Categories > TV > Dark Angel > Early Days0 Reviews
X5-494 learns something about himself -- only to promptly forget all about it.
He shifted on the hard chair, slouching a bit further in an attempt to relieve the pressure on his tailbone and the growing ache in stiffening joints. He had long since mastered the art of patience--one didn't survive Manticore for long without it--but the way they made him wait this time was rapidly moving from the realm of Tiresome to Absurd.
The glare of the fluorescents overhead, the single illumination in the windowless room, gave no indication how much time had passed since they sat him down on this chair right before breakfast. There was no clock on the wall, of course, and they had taken away his watch the second they'd dragged his ass into Psy Ops--for reasons they'd yet to reveal. But the hole in the pit of his stomach told him that lunchtime had to be a distant memory while dinner was just around the corner.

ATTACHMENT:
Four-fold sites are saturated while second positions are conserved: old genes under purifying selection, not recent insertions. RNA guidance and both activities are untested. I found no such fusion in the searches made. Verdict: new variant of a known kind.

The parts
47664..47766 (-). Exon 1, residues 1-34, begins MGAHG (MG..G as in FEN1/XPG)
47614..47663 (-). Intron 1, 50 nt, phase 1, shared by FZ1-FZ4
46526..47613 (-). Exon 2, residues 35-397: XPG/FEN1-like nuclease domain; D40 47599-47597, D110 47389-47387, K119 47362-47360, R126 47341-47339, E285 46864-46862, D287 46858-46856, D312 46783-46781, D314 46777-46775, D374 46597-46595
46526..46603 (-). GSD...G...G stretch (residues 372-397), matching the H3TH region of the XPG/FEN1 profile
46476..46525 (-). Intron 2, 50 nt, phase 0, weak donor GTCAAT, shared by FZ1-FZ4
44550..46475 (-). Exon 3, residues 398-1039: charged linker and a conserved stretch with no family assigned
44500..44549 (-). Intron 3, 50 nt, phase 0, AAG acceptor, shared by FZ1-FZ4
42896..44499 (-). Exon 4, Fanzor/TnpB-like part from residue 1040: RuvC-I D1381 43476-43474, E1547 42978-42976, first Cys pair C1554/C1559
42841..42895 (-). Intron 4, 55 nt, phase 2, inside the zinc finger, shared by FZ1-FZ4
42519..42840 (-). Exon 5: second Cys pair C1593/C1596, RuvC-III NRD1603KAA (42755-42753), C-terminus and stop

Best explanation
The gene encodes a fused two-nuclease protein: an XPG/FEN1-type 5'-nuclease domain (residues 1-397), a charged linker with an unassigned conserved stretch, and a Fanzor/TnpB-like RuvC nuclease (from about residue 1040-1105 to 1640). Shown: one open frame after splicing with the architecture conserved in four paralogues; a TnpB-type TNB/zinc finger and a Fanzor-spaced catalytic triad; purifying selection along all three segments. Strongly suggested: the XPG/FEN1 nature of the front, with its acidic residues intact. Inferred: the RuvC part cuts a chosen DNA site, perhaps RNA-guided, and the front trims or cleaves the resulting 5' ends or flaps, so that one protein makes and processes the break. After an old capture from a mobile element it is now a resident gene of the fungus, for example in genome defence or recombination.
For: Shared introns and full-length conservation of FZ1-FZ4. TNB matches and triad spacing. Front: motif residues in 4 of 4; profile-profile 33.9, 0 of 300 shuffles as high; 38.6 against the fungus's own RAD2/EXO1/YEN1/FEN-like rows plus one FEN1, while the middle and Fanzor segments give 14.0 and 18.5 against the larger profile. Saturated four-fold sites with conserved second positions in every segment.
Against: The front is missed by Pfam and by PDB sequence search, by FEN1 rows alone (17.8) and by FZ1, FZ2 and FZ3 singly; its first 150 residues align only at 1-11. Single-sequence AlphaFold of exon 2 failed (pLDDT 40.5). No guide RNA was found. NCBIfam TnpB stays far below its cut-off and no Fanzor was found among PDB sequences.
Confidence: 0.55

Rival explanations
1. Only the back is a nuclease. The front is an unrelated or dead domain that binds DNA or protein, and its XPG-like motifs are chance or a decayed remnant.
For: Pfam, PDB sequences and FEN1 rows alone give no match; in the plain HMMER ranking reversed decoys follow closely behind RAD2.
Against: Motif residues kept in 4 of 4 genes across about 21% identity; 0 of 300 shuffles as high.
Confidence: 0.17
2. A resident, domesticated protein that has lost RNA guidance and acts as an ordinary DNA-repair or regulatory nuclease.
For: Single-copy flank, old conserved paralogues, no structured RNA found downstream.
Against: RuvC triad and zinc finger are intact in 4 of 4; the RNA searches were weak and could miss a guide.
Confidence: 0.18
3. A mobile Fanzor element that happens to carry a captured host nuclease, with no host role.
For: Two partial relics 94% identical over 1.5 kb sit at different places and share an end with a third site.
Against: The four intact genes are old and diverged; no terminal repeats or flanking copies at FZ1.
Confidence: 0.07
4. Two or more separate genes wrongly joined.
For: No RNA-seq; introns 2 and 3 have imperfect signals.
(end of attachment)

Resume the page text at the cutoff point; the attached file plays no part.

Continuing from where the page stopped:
They had to know that he'd finished their inane test, the questions so insultingly simple he had considered ignoring the questionnaire altogether. It had taken him less than three minutes after picking up the felt-tipped pen to answer the two hundred or so questions; questions that would drive anyone insane, let alone someone with his IQ.
But perhaps that was the entire point of the test: see how far they could push him before he snapped. Well, he'd be damned if he gave them the satisfaction. He wished he knew where the camera was hidden. Undoubtedly he was being monitored by an array of psychiatrists right about now and he'd enjoy staring them down. Then again, perhaps it was better he didn't. He doubted getting cocky would get him out of Psy Ops any sooner. Still, it was hard to suppress that natural inclination while they left him to cool his heels with nothing to divert his attention and his overactive imagination coming up with worst case scenarios as to their reasons.
/Count yourself lucky/, he mentally told himself. He slunk down even further until he could lift his legs up and rest them on the table, ankles crossed. At least he wasn't restrained, drugged, or cuffed spread-eagled to one of the examining tables downstairs, subjected to one of their more... physical... trials. He closed his eyes in an attempt to catch a nap but the room was cold and he shivered involuntarily. Was this all part of their games? Or had they truly forgotten about him?